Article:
1. The proposed changes to the H-2B Program are, overall, steps in the right direction.
2. The bill proves that "politics is the art of the possible." Some provisions are unquestionably beneficial. Some might be if DOL implements Congress' intent, rather than its own.
3. The "devil is in the details." Having persuaded Congress, it is now time to persuade DOL and DHS to follow Congress' intent.
Yesterday, "the House Appropriations Committee . . . unveiled the fiscal year 2016 Omnibus Appropriations bill, the legislation that will provide discretionary finding for the federal government" until September 30, 2016. The bill contained provisions related to the H-2B Program.
(1) Congress made it absolutely clear that the prevailing wage for entry level positions is to be measured by the market wage for the entry level positions. DOL's preferred survey - the Occupational Employment Statistics survey - does not provide that information. (See p. 24,133: "However, the OES survey captures no information about differences within the groupings based on skills, training, experience or responsibility levels of the workers whose wages are being reported.") Congress wisely required DOL to accept statistically valid surveys that capture this information.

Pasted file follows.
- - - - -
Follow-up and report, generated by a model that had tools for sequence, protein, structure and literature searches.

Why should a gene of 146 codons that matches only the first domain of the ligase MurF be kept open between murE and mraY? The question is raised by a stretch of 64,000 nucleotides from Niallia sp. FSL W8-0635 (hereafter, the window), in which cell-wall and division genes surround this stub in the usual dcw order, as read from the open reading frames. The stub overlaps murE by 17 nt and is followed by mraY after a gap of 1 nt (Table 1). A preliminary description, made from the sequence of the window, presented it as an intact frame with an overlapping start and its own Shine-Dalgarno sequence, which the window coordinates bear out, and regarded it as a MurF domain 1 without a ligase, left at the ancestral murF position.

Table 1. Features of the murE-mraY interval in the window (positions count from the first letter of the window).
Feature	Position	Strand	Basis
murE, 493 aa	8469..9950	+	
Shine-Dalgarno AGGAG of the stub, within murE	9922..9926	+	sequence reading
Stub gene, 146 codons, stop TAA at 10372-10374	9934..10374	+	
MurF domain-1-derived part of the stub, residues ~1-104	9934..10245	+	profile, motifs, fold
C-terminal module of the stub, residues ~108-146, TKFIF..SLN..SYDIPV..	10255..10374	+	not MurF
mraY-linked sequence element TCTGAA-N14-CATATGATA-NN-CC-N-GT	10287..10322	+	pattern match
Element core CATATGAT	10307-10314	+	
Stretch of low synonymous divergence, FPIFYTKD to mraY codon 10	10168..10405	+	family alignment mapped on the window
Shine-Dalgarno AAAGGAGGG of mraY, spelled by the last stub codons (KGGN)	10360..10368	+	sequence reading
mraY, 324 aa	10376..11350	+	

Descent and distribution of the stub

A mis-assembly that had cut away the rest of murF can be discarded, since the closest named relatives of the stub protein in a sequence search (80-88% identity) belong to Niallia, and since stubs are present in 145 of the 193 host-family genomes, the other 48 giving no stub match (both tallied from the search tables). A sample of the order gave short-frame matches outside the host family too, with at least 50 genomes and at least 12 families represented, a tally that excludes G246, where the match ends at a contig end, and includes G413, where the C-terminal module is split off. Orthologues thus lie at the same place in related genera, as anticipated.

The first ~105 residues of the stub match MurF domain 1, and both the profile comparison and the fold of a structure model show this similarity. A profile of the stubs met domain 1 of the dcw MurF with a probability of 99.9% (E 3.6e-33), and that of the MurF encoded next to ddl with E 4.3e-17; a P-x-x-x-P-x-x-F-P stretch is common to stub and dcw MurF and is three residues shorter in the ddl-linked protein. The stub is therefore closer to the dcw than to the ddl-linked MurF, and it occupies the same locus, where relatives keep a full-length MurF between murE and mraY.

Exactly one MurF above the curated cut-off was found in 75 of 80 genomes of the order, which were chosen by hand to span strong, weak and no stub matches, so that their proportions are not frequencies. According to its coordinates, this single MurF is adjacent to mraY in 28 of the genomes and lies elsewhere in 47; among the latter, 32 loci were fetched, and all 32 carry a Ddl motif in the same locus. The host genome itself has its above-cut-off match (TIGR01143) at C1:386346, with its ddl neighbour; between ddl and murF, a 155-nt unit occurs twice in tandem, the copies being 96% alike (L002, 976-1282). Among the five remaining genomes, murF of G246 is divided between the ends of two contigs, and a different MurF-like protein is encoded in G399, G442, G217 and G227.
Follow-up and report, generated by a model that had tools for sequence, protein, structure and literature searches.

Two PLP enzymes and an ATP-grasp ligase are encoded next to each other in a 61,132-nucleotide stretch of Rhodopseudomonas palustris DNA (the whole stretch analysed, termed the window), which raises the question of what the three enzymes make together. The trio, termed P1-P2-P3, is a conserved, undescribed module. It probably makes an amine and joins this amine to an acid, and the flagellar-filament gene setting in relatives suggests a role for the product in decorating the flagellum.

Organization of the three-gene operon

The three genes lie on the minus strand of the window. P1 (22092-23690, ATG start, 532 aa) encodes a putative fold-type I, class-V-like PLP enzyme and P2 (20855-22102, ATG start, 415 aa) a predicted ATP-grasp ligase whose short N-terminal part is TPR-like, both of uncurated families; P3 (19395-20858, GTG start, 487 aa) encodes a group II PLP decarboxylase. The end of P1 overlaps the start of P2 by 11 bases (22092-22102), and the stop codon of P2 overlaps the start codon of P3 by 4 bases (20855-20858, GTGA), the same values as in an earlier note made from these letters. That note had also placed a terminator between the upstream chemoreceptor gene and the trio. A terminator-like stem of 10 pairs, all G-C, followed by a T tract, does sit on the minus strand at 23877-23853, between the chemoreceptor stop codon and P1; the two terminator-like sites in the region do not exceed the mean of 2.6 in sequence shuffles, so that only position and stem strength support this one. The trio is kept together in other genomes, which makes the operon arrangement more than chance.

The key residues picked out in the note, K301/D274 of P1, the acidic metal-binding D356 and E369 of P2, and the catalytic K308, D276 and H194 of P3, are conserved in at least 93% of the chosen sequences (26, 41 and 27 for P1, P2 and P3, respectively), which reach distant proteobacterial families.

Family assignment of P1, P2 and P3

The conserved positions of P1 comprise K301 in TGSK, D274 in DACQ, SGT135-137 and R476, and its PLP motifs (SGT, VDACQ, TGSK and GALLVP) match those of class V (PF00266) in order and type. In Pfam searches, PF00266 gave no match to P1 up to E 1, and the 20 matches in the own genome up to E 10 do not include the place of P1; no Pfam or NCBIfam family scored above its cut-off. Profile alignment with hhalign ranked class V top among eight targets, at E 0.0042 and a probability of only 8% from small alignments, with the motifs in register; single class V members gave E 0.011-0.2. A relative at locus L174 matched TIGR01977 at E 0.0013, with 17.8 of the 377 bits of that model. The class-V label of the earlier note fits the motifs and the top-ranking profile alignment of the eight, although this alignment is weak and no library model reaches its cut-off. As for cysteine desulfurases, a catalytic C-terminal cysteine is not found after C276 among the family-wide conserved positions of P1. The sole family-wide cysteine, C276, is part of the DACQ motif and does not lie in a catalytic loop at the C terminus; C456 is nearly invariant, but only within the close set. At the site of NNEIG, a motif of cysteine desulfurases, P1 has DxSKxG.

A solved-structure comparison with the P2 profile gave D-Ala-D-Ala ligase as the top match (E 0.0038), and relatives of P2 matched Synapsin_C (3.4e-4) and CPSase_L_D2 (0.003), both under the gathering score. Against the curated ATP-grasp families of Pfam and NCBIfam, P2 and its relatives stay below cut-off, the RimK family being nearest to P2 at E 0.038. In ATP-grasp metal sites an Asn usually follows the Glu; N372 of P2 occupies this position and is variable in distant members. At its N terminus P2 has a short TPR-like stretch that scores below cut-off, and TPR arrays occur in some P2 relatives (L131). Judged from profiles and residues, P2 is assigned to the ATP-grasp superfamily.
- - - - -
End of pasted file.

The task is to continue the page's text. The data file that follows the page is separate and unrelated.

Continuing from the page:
(2) Unionized employers have a problem on their hands. If the survey wage is higher than the actual wage paid in accordance with the collective bargaining agreement, employers (at least as a matter of H-2B law) would need to pay more. This may force them into a ULP.
(3) Congress prohibited DOL from expending funds for the unnecessary and wasteful CNPC audits. These were paper exercises that simply imposed costs, but did not add much (if anything) to the Wage and Hour Division's efforts.
(4) Congress prohibited DOL from imposing "supervised recruitment." This may become a problem if DOL decides to seek debarment in the borderline cases for which supervised recruitment was designed. DOL may be able to reproduce the result through existing authorities.
(5) Congress revived the returning worker exemption. The problem is that it is for only one year. As such, it might help this season, but it is doubtful that the supposedly massive influx of H-2B workers that some fear will materialize.
(6) Although welcome, the bill is not a panacea. It makes some needed tweaks, but leaves many contentious issues unresolved.